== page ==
Countdown to the Millenium: Army called in to sort out Dome acoustics

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The Independent Online
MILLENNIUM DOME organisers have asked military acoustics experts to help them to solve sound problems which could blight the opening of the pounds 758m development.

Their appeal to sonic scientists from the Defence Evaluation and Research Agency (Dera), technical arm of the Ministry of Defence, followed discovery that the 150ft tent suffers violent sound distortions, leaving noiseless "dead" zones. Studies revealed other areas were dangerously loud, threatening health fears for the 12 million visitors expected at the Greenwich extravaganza which opens on New Year's Eve and runs for a year.

A Dera spokeswoman said: "We are hoping to do some work on the project using our knowledge of acoustics. It is a question of how the knowledge and expertise of our team of scientists can be put to best use. It is still at a very early stage."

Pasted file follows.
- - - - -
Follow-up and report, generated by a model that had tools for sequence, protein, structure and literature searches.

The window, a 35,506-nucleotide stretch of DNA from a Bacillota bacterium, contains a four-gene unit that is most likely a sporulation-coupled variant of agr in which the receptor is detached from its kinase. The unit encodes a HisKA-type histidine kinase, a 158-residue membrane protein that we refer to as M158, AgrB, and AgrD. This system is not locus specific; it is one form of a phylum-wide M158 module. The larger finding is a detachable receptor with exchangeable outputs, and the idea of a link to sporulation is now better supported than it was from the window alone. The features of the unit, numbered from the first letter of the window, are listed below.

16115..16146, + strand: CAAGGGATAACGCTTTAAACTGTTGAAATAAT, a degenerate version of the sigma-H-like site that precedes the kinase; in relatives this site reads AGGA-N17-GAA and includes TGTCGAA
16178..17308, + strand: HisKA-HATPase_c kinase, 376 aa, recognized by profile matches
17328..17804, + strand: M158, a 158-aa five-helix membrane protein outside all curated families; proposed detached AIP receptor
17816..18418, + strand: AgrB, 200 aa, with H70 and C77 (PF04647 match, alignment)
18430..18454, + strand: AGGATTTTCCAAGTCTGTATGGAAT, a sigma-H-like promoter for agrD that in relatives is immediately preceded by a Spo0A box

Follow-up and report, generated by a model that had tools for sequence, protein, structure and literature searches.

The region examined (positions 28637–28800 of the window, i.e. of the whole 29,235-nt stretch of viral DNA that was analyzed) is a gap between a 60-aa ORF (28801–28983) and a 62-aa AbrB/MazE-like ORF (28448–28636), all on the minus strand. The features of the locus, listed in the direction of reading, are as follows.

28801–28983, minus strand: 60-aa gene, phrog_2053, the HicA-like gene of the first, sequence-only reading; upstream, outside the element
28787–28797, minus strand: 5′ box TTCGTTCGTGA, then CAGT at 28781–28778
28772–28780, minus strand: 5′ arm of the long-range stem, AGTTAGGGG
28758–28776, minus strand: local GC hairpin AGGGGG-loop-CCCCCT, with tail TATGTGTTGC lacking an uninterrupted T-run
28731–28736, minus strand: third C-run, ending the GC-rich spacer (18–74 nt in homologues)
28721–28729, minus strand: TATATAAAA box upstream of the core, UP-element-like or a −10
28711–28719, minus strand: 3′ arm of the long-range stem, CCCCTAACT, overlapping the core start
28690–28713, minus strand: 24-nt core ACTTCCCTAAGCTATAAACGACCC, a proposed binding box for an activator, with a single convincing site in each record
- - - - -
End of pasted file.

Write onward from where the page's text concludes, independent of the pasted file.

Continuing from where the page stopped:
The organisers, the New Millennium Experience Company, will be charged a business rate for the work. Under changes introduced by the Conservatives, Dera can compete for commercial tasks.

Last night opposition MPs called on Lord Falconer, who has replaced Peter Mandelson as the Government's Dome supremo, to reveal the cost of the new soundscaping.

Keith Simpson, shadow defence spokesman, said: "It is crucial that the acoustics are right. But the clock is ticking. The Dome is now only months from opening but fundamental problems still exist. I have no doubt the expertise of the Dera team will prove valuable. But we must know whether taxpayers' money is being used to solve the mess left behind by Peter Mandelson."

A Millennium Company spokesman said final results of the noise tests were not available yet.

The sound problems are the latest in a catalogue of setbacks to hit the scheme since work began 18 months ago.

In August, 1997, Clare Short, the Secretary of State for International Development, branded the project as a "silly temporary building". Shortly after the attack, Peter Mandelson switched the contract for the pounds 25m roof covering for the structure from a German firm to an American one, setting off a six-figure compensation battle.

Last month Lord Falconer admitted that the strike-hit London Underground Jubilee Line extension - which is expected to carry around half of all visitors to the Dome celebrations - may not be ready by the 31 December deadline.